By Simon Kuper
Let me quickly solve one of the great questions of life: How many children should you
have? Some parents of young ones secretly suspect that the optimal number is
zero. Soon after my twin boys were born, my sister called to ask how things were going.
“Well,” I said, probably splattered in vomit, but too exhausted to realize it,
“if anyone thought they were going to be in this phase forever, they’d have to
be a psycho to enjoy it.” I used to push the double stroller down the street, eyeing
the childless people sprawled in front of cafés with envy and rage.
It’s a feeling that Bryan Caplan, economist at George Mason University, must know.
The poor guy is also the father
of twins. As he writes in his book, Selfish Reasons to Have More Kids,
“moderate foresight tells you to stop having kids. If one infant makes you tired and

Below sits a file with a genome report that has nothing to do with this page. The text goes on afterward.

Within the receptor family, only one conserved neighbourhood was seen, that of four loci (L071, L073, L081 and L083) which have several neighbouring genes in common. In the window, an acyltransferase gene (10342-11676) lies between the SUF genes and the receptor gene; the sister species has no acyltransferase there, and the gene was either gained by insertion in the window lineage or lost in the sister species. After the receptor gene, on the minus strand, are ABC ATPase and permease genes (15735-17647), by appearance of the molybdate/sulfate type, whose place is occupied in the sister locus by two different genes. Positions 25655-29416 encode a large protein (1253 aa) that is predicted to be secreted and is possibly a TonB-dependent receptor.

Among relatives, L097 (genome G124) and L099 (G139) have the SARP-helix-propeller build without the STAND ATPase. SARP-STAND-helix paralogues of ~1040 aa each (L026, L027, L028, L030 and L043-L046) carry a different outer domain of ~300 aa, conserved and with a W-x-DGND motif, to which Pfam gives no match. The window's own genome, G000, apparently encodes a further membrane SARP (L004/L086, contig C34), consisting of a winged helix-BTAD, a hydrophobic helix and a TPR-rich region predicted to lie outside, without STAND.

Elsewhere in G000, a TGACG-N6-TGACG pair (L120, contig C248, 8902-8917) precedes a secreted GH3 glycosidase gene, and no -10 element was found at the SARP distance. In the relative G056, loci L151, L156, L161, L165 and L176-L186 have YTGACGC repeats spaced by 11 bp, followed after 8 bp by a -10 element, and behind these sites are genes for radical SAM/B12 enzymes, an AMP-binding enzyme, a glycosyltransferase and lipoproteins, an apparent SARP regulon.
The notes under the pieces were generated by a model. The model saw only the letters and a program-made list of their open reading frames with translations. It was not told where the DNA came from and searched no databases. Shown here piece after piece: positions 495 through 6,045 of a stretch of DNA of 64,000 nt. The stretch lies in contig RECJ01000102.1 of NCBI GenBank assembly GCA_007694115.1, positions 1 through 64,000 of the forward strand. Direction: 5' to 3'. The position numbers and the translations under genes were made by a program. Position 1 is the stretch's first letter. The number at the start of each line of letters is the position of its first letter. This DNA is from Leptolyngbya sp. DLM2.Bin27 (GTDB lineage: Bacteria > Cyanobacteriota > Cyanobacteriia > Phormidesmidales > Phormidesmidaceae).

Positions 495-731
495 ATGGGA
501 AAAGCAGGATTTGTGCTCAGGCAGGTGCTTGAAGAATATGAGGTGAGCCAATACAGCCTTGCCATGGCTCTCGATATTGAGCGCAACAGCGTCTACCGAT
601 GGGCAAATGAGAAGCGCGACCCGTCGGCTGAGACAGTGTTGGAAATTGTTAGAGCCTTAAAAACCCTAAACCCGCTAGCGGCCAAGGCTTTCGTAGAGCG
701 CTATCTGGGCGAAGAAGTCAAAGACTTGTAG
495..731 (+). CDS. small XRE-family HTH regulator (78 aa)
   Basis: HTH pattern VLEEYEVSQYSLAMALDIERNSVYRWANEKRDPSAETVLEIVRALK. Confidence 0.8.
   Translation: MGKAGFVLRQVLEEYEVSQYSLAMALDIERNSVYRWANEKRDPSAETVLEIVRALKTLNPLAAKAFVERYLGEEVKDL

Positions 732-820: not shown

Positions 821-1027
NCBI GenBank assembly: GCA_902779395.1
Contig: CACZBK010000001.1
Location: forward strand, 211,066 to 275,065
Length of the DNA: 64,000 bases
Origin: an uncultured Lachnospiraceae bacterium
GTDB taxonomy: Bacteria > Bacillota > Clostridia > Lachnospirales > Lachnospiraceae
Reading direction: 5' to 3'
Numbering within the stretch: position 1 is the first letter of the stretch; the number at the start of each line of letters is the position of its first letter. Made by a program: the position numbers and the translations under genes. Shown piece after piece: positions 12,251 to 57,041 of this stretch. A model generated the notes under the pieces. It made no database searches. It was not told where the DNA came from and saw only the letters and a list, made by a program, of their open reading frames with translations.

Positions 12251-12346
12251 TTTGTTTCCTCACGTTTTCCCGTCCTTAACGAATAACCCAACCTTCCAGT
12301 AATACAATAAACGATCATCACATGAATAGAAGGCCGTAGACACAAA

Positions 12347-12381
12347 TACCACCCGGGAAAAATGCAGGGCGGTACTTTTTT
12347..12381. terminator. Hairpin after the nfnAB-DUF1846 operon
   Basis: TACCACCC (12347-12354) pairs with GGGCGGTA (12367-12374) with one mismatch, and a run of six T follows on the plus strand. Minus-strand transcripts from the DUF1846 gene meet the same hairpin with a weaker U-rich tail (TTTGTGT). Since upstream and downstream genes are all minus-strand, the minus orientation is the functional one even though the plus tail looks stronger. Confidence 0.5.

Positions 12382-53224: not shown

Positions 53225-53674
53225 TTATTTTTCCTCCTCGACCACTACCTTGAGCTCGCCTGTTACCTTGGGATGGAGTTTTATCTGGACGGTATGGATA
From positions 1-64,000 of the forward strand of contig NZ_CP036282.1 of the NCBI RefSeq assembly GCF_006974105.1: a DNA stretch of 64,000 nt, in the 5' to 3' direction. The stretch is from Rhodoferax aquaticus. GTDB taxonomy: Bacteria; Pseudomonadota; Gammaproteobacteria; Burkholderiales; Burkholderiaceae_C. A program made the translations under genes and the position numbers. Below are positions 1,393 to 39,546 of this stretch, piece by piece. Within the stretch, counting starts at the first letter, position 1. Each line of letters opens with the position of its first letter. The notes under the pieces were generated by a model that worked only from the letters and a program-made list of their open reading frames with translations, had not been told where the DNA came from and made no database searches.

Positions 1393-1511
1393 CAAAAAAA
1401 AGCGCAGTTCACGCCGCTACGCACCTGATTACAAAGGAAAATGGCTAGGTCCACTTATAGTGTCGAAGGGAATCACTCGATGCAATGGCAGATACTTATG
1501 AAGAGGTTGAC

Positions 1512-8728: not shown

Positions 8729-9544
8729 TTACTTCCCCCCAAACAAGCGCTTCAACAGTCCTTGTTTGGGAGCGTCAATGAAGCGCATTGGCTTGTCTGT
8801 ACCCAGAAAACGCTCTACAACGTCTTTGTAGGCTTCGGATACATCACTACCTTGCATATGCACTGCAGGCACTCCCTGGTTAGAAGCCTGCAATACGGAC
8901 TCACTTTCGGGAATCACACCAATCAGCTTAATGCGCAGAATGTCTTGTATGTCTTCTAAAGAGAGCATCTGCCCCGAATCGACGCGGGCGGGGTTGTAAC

cranky, why have another?” Yet, Caplan goes on to say that moderate
foresight is wrong. You shouldn’t extrapolate from the present moment forever.
Today, he says, you might be living with “dirty diapers and lost sleep”. But
that won’t last forever. Instead of moderate foresight, you should try full foresight.
Rather than just obsessing about the next few years, you should work out how many kids you
will want at every future stage of your life. Caplan explains: Suppose
you’re 30. Selfishly speaking, you conclude that the most pleasant number of
children to have during your 30s is one. During your 40s, your optimal number of kids will
rise to two — you’ll have more free time as your kids assert their independence. By
the time you’re in your 50s, all your kids will be busy with their own lives. At
this stage, wouldn’t it be nice to …read more